INTROducing: Young H

13 Aug

I must say friends, as of lately, life has been pretty nifty. I’m fast approaching my move to the left coast and I’ve been able to resuscitate my passion for blogging with a vengeance that has surpassed even my own expectations. However, it is the fact that I was able to go in with the master of going in, that is the proverbial cherry on top of my sundae right now.

My first encounter with Young H was quite serindipitous. One day I just so happened to check out this blog that I had never heard of, and just so happened to click on an article by a writer I had never heard of , and the rest is now well documented history. For me , reading his blog post was like finding a precious jewel in pile of cow dung . I was so moved by the eloquence and craftmanship of his piece that I commented, which is something I rarely do, and professed my allegiance to the site solely off the strength of  what I had just read. It has been on few occasions that I’ve come across a writer/blogger whose work has captivated me to the point where I actually read slowly. I’m  a speed reader and I’ll often skip or skim over sections of text that don’t interest me, and I get bored very easily.

I was more than intrigued, and as any tech savvy person would do ,I googled him baby, and fell into the world of Young H, founder of Go In Radio, hip-hop intellectual, music lover, writer extraordinaire ( even if he doesn’t think so), and all around cool cat. We began to exchange pleasantries on Twitter and that brought us to our present relationship status as interviewer and interviewee.

I must say I was mad nervous as the time to begin our interview drew near. I got the feeling that he would be the type to verbally chin check me if I came with some run-of-the-mill wackness so I was determined to come with my A game and engage him as cleverly as I could.  To my surprise Young H was disarmingly humble, graciously receptive, delightfully talkative, and most of all, gave me free reign to go in. So sit back, relax, and get to know a little more about Young H………..

La Bombe Baby: So Young H, the man, the myth, the legend…I’m extremely excited to be talking to you tonight. As you may remember, I electronically threw my panties at you a while back after reading your now ‘infamous’ post on Potholes In My Blog, you gained quite a bit of attention for that piece, have you gained any other groupies, besides myself?

Young H: Oh boy, this is how you start off an interview

LBB: Yeah, I try…..

YH: I got a lot of attention from simply speaking my mind on that topic, people have known me for speaking my mind on varying topics for years but I guess that really struck a chord and it went a lot further than I thought it would. To answer your question, no I didnt really gain any groupies. I don’t really make that big a deal of myself or buy into the idea of that piece being a big deal where other people might have.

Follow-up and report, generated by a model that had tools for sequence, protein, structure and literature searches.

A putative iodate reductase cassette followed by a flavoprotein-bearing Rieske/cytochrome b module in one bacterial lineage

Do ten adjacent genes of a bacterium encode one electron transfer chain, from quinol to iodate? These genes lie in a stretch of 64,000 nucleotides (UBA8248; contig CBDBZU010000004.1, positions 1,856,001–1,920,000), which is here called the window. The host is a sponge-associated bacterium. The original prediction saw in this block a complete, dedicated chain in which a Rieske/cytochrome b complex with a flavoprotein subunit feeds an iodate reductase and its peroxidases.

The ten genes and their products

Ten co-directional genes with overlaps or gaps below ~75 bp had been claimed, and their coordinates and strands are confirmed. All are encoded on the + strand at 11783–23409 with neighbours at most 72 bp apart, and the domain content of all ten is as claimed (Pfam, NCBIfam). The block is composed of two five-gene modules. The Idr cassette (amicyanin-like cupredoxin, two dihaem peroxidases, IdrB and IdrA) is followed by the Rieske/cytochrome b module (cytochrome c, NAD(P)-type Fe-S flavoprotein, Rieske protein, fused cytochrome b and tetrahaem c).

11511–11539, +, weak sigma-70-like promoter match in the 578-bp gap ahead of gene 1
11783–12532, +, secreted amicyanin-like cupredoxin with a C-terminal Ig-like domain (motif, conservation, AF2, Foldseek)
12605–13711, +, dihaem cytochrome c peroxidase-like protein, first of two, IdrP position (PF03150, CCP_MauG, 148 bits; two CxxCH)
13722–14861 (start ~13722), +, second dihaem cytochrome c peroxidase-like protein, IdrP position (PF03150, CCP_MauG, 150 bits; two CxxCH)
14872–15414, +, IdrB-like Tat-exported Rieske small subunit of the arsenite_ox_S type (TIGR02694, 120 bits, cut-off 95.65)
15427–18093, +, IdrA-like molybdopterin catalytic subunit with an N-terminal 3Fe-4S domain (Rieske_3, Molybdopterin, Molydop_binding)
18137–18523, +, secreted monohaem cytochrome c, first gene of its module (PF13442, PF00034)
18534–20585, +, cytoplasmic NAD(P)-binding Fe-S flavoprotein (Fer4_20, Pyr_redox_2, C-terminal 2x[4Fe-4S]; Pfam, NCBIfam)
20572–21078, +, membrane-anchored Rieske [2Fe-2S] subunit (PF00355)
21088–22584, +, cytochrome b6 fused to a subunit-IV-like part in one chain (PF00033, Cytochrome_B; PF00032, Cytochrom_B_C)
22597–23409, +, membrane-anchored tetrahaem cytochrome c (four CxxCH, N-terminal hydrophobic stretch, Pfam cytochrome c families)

LBB: Well for me it was certainly a big deal specifically because of how well written it was, I didn’t even really care too much about the topic (not to say I didn’t find it interesting) but I was just floored by the quality of your writing, it rejuvenated me in the sense that it showed there is a place for quality writing in the blogging world, but then again you’re not a fucking blogger are you? To you what is the difference between a blogger who writes and a writer who blogs, if there is any difference at all.

YH: Well, really when I came up with the name of my personal site it was for the sake of having a catchy title and I was shocked no one else had the URL already. But really it was kind of taking a shot at folks like the “bloggers” I went at in that now quasi-legendary piece. A widely read publication came up with lists of their top 50 bloggers, many of whom get a lot of traffic just for posting up music they’re sent. Blogs are powerful sources of information and I guess technically anything with a WordPress re-direct can be called a blog, but (when I can make time) if I’m discussing Hip-Hop (one of the most important things in the world to me) I try to bring material of substance. Not that the big name bloggers don’t write, but one of my targets is lauded for starting up controversy, and people love the other because they break new music. 

I’m hardly the jealous type, I just wasn’t feeling the atmosphere of Hip-Hop blogging for a while and spoke up about it. Do your thing, but if that’s what it means to be a blogger then I’m not a fucking blogger. As for you complimenting my writing, much obliged, but I still definitely feel like I have a ways to go because it isn’t a natural talent of mine. It takes a lot out of me and some days I struggle to find the passion for it.

LBB: I’m very shocked to hear that writing, for you, is not a natural talent because it definitely doesn’t come across that way. I’ve read some of your pieces over at 215 Magazine and they’re brilliantly written as well; witty, engaging, informative, and well researched. How did you fall into Hip-Hop journalism?